Number 4:  Begin a season of celebrating the Heavenly Hosts.  At the end of the month, we’ll celebrate All Saints and All Souls days.  The feasts celebrating the Arch and Guardian Angels help set the stage for acknowledging and thanking God for the Heavenly Hosts, the great Cloud of Witnesses.  As we plunge through the last few weeks of Ordinary Time, we have these chances to direct our attention Heavenward and gain strength to carry our daily crosses.
Number 3:  There is real evil in the world.  As much as our society  may mock this idea at times, let’s not forget that the Devil is real and so is evil.  Our Holy Father recently called on the Faithful to weep over the tragedies in Iraq and Syria. On the Feast of the Archangels, the Holy Father spoke of the ongoing battle between the Devil and mankind and called on us to pray to the angels charged to defend us.  Even secular author Camille Paglia wrote in Time this week about the failure of American campuses to comprehend the existence of real evil.  When Camille Paglia’s message begins to echo Pope Francis, something is afoot.  I want to help my young children appreciate that the Devil and evil are real, even though the world around them may seem safe.  Celebrating our celestial defenders gives me an opportunity to do just that.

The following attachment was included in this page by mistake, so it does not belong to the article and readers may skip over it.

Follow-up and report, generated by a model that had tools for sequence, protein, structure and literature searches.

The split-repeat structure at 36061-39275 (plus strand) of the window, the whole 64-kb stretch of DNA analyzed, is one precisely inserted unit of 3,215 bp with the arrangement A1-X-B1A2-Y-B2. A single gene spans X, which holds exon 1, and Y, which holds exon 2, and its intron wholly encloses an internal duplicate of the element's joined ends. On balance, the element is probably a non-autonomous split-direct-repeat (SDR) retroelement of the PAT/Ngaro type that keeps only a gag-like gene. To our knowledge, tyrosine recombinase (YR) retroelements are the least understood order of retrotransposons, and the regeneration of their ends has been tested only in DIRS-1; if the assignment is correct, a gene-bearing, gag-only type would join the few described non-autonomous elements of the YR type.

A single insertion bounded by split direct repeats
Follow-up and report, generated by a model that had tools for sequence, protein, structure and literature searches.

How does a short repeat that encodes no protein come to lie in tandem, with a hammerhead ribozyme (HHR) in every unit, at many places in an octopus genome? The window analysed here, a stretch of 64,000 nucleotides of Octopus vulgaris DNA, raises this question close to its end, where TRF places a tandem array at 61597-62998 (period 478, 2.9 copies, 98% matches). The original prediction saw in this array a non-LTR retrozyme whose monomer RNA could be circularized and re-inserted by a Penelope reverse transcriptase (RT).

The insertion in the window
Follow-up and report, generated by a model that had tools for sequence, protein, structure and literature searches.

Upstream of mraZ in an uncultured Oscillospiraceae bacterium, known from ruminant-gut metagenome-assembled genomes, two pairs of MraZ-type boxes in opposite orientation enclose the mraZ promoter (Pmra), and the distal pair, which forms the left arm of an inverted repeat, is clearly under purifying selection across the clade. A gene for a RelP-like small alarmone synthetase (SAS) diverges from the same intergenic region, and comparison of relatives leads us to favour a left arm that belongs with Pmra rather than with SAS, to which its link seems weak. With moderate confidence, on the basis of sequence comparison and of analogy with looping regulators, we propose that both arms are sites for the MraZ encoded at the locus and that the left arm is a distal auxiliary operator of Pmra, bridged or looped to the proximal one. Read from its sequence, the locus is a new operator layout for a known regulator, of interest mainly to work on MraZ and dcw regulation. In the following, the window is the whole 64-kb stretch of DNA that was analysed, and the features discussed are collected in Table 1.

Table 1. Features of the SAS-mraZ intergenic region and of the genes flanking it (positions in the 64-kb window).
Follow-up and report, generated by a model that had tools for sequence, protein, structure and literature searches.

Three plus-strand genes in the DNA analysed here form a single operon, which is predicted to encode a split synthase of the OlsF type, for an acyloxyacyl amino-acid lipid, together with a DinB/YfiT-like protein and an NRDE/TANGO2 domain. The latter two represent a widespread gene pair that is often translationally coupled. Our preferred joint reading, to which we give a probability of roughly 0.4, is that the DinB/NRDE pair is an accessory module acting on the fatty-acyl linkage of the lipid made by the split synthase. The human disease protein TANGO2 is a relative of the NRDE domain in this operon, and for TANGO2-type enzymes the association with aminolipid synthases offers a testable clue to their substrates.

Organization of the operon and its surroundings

Number 2: We have real heroes to celebrate. All of my kids love a good superhero.  Plus, with the Halloween season fast approaching, characters of all kinds are receiving increased scrutiny and attention as my kids search for the perfect costume.  The Angelic Feasts are a great way to bring angels to the forefront of my kid’s attention and imagination, for they are, as this great article pointed out, the real superheroes of our Universe.  Already this week, after my husband and I described the Archangels to our children, my sons have been running around with capes and swords, declaring themselves the “Angel Protectors” of our family.  These feasts, along with the approaching Feast of All Saints, give us the opportunity to teach our kids the truth about super-powers, heroism, and real heroes that we can look up to and pray to for protection.